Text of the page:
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EMBO Mol Med. 2017 Oct;9(10):1366-1378. doi: 10.15252/emmm.201707673.

TREM2 shedding by cleavage at the H157-S158 bond is accelerated for the Alzheimer's disease-associated H157Y variant.

Author information

1
Neuroscience, Innovative Medicines and Early Development, AstraZeneca Granta Park, Cambridge, UK.
2
Tanz Centre for Research in Neurodegenerative Diseases, University of Toronto, Toronto, ON, Canada.
3
Cambridge Centre for Proteomics, University of Cambridge, Cambridge, UK.
4
AstraZeneca Translational Sciences Centre, Karolinska Institutet, Stockholm, Sweden.
5
Department of Clinical Neurosciences, Cambridge Institute for Medical Research, University of Cambridge, Cambridge, UK.
6
MedImmune Limited Granta Park, Cambridge, UK.
7
Cardiovascular and Metabolic Diseases, Innovative Medicines and Early Development, AstraZeneca, ICMC, Huddinge, Sweden.
8
Neuroscience, Innovative Medicines and Early Development, AstraZeneca Granta Park, Cambridge, UK damian.crowther@azneuro.com.

Abstract

We have characterised the proteolytic cleavage events responsible for the shedding of triggering receptor expressed on myeloid cells 2 (TREM2) from primary cultures of human macrophages, murine microglia and TREM2-expressing human embryonic kidney (HEK293) cells. In all cell types, a soluble 17 kDa N-terminal cleavage fragment was shed into the conditioned media in a constitutive process that is inhibited by G1254023X and metalloprotease inhibitors and siRNA targeting ADAM10. Inhibitors of serine proteases and matrix metalloproteinases 2/9, and ADAM17 siRNA did not block TREM2 shedding. Peptidomimetic protease inhibitors highlighted a possible cleavage site, and mass spectrometry confirmed that shedding occurred predominantly at the H157-S158 peptide bond for both wild-type and H157Y human TREM2 and for the wild-type murine orthologue. Crucially, we also show that the Alzheimer's disease-associated H157Y TREM2 variant was shed more rapidly than wild type from HEK293 cells, possibly by a novel, batimastat- and ADAM10-siRNA-independent, sheddase activity. These insights offer new therapeutic targets for modulating the innate immune response in Alzheimer's and other neurological diseases.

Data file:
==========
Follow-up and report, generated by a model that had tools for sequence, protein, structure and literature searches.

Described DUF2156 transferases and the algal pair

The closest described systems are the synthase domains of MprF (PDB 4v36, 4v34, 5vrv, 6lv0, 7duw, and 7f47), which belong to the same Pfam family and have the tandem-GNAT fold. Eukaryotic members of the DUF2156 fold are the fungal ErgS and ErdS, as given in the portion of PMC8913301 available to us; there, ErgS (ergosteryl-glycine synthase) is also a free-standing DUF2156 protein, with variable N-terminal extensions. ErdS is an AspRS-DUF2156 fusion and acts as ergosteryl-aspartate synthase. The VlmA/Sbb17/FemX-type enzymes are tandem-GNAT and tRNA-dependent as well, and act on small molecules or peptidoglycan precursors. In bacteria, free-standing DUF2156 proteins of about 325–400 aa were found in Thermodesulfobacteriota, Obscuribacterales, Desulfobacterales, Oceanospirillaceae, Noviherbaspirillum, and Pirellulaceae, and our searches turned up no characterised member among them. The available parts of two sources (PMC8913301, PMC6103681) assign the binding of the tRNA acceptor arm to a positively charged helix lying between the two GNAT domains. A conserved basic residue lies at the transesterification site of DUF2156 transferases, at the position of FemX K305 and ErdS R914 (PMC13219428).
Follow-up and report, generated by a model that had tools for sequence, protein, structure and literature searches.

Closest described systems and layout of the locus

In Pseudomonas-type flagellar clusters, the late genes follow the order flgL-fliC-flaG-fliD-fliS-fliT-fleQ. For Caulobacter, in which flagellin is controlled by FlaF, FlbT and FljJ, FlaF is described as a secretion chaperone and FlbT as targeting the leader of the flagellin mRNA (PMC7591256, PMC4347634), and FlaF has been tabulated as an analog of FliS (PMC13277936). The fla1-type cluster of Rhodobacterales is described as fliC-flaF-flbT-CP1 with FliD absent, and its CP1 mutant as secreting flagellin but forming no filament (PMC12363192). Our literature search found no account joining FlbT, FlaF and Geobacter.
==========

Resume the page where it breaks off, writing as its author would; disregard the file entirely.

KEYWORDS:

genetic risk; microglia; neurodegeneration; neuroinflammation

PMID:
28855301
PMCID:
PMC5623839
DOI:
10.15252/emmm.201707673
[Indexed for MEDLINE]
Free PMC Article

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